(0.40)(Sos 4:15)

tn <i>Hebi> “a fountain of gardensora headwaters for gardens.” The term <span class="hebrew">מַעְיַןspan> (<span class="translit">maʿyanspan>, “fountain”) denotessource, headwatersas the place of origin of streams (<i>HALOTi> 612 s.v. <span class="hebrew">מַעְיַןspan>). The term does not refer to a water fountain such as commonly found in modern cultivated gardens or parks; rather, it refers to the headwaters of streams and rivers, such as the headwaters of the Jordan. The genitive construct <span class="hebrew">מַעְיַן גַּנִּיםspan> (<span class="translit">maʿyanspan> <span class="translit">gannimspan>, “a fountain of gardens”) is an unusual expression that has been treated in various ways: (1) “a garden fountain,” that is, a fountain located in a garden (<i>HALOTi> 198 s.v. <span class="hebrew">גַּןspan>); (2) “a fountain of gardens,” that is, the headwaters of many spring-watered gardens. The latter is preferred. In <data ref="Bible:So 4:12-14">Song 4:12-14data> the bride is figuratively described as a garden with exotic plants; however, in <data ref="Bible:Song 4:15">4:15data> the metaphor shifts to the source of the water for the garden: <span class="hebrew">מַעְיַןspan> (“headwaters”) and <span class="hebrew">בְּאֵרspan> (<span class="translit">b<sup>esuperspan>, “well”) of fresh water flowing down from Lebanon.

(0.30)(Exo 3:14)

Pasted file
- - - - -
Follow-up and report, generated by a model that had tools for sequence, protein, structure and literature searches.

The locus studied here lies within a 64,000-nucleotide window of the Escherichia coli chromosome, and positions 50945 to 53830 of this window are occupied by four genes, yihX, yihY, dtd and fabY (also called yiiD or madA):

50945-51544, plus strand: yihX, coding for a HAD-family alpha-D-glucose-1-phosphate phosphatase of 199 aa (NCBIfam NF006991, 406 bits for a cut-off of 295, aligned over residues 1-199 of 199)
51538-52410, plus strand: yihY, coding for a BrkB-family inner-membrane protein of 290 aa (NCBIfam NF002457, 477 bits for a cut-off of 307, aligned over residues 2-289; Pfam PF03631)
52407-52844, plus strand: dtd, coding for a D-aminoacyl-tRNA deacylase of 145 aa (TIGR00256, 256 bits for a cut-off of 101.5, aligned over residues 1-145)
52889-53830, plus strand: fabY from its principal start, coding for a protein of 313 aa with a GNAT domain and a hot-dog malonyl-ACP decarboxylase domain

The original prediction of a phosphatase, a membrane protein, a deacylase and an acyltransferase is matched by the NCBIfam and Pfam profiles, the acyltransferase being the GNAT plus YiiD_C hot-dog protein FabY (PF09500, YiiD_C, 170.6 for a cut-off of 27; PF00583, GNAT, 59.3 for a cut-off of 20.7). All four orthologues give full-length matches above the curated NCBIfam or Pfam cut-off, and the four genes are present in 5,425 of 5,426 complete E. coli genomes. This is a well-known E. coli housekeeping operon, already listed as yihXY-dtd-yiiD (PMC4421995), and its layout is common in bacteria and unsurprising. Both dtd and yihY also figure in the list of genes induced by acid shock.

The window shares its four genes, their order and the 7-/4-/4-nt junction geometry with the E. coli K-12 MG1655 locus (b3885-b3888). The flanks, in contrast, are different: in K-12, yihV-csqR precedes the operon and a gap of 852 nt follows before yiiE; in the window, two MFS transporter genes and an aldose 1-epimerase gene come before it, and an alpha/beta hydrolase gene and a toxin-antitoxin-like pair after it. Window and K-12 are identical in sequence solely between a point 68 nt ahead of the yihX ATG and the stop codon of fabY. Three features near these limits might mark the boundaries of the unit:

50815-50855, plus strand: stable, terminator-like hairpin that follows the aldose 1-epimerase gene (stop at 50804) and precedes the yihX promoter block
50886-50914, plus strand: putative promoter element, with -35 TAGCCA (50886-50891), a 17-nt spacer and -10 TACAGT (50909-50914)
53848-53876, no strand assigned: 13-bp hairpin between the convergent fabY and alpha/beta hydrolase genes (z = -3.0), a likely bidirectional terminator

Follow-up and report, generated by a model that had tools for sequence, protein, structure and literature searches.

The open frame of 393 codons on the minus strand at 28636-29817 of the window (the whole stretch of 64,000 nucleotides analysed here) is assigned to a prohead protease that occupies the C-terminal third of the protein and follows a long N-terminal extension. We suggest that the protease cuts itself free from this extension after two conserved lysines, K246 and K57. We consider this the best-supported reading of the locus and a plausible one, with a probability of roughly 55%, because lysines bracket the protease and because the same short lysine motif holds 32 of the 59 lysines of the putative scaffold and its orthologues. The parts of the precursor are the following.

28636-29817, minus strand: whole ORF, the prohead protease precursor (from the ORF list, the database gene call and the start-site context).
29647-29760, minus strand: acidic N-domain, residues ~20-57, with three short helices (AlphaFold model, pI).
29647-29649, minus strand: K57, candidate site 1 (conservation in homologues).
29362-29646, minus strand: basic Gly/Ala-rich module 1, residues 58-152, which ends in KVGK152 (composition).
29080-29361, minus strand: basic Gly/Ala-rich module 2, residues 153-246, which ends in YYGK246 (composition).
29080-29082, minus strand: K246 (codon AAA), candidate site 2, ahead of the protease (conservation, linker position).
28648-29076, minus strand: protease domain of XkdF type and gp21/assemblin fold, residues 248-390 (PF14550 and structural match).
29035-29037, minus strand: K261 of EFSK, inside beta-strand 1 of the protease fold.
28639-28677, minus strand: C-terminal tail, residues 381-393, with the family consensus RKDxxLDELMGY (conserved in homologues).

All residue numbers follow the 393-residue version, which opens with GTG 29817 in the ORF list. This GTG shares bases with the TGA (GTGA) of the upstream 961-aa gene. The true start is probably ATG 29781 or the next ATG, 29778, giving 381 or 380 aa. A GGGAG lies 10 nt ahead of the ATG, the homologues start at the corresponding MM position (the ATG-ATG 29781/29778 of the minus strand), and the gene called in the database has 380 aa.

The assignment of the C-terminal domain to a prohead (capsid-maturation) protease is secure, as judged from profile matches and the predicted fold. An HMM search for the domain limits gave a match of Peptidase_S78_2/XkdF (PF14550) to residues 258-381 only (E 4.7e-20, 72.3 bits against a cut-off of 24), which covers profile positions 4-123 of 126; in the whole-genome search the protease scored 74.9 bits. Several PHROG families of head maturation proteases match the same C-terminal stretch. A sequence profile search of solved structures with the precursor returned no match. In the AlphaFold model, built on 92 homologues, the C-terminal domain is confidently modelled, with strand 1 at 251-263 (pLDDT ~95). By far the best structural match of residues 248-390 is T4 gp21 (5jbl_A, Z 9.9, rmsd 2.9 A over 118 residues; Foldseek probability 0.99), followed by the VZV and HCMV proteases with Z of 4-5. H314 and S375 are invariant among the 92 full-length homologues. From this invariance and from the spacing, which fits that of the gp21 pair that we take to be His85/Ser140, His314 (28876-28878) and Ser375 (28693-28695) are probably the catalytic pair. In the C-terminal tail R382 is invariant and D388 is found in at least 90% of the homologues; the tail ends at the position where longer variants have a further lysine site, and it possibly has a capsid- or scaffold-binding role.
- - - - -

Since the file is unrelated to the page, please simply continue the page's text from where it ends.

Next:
tn The verb form used here is <span class="hebrew">אֶהְיֶהspan> (<span class="translit">ʾehyehspan>), the Qal imperfect, first person common singular, of the verb <span class="hebrew">הָיָהspan> (<span class="translit">hayahspan>, “to be”). It forms an excellent paronomasia with the name. So when God used the verb to express his name, he used this form saying, “<span class="smcaps">I amspan>.” When his people refer to him as Yahweh, which is the third person masculine singular form of the same verb, they sayhe is.” Some commentators argue for a future tense translation, “I will be who I will be,” because the verb has an active quality about it, and the Israelites lived in the light of the promises for the future. They argue that “<span class="smcaps">I amspan>” would be of little help to the Israelites in bondage. But a translation ofI will bedoes not effectively do much more except restrict it to the future. The idea of the verb would certainly indicate that God is not bound by time, and while he is present (“<span class="smcaps">I amspan>”) he will always be present, even in the future, and so “<span class="smcaps">I amspan>” would embrace that as well (see also <data ref="Bible:Ru 2:13">Ruth 2:13data>; <data ref="Bible:Ps 50:21">Ps 50:21data>; <data ref="Bible:Ho 1:9">Hos 1:9data>). The Greek translation of the OT used a participle to capture the idea, and several times in the Gospels Jesus used the powerfulI amwith this significance (e.g., <data ref="Bible:Jn 8:58">John 8:58data>). The point is that Yahweh is sovereignly independent of all creation and that his presence guarantees the fulfillment of the covenant (cf. <data ref="Bible:Is 41:4">Isa 41:4data>; <data ref="Bible:Is 42:6">42:6data>, <data ref="Bible:Is 42:8">8data>; <data ref="Bible:Is 43:10-11">43:10-11data>; <data ref="Bible:Is 44:6">44:6data>; <data ref="Bible:Is 45:5-7">45:5-7data>). Others argue for a causative Hiphil translation ofI will cause to be,” but nowhere in the Bible does this verb appear in Hiphil or Piel. A good summary of the views can be found in G. H. Parke-Taylor, <i>Yahwehi>, <i>the Divine Name in the Biblei>. See among the many articles: B. Beitzel, “<data ref="Bible:Ex 3:14">Exodus 3:14data> and the Divine Name: A Case of Biblical Paronomasia,” <i>TJi> 1 (1980): 5-20; C. D. Isbell, “The Divine Name <span class="translit">ehyehspan> as a Symbol of Presence in Israelite Tradition,” <i>HARi> 2 (1978): 101-18; J. G. Janzen, “Whats in a Name? Yahweh in <data ref="Bible:Ex 3">Exodus 3data> and the Wider Biblical Context,” <i>Inti> 33 (1979): 227-39; J. R. Lundbom, “Gods Use of the <i>Idem per Idemi> to Terminate Debate,” <i>HTRi> 71 (1978): 193-201; A. R. Millard, “<span class="translit">Ywspan> and <span class="translit">Yhwspan> Names,” <i>VTi> 30 (1980): 208-12; and R. Youngblood, “A New Occurrence of the Divine NameI AM,’” <i>JETSi> 15 (1972): 144-52.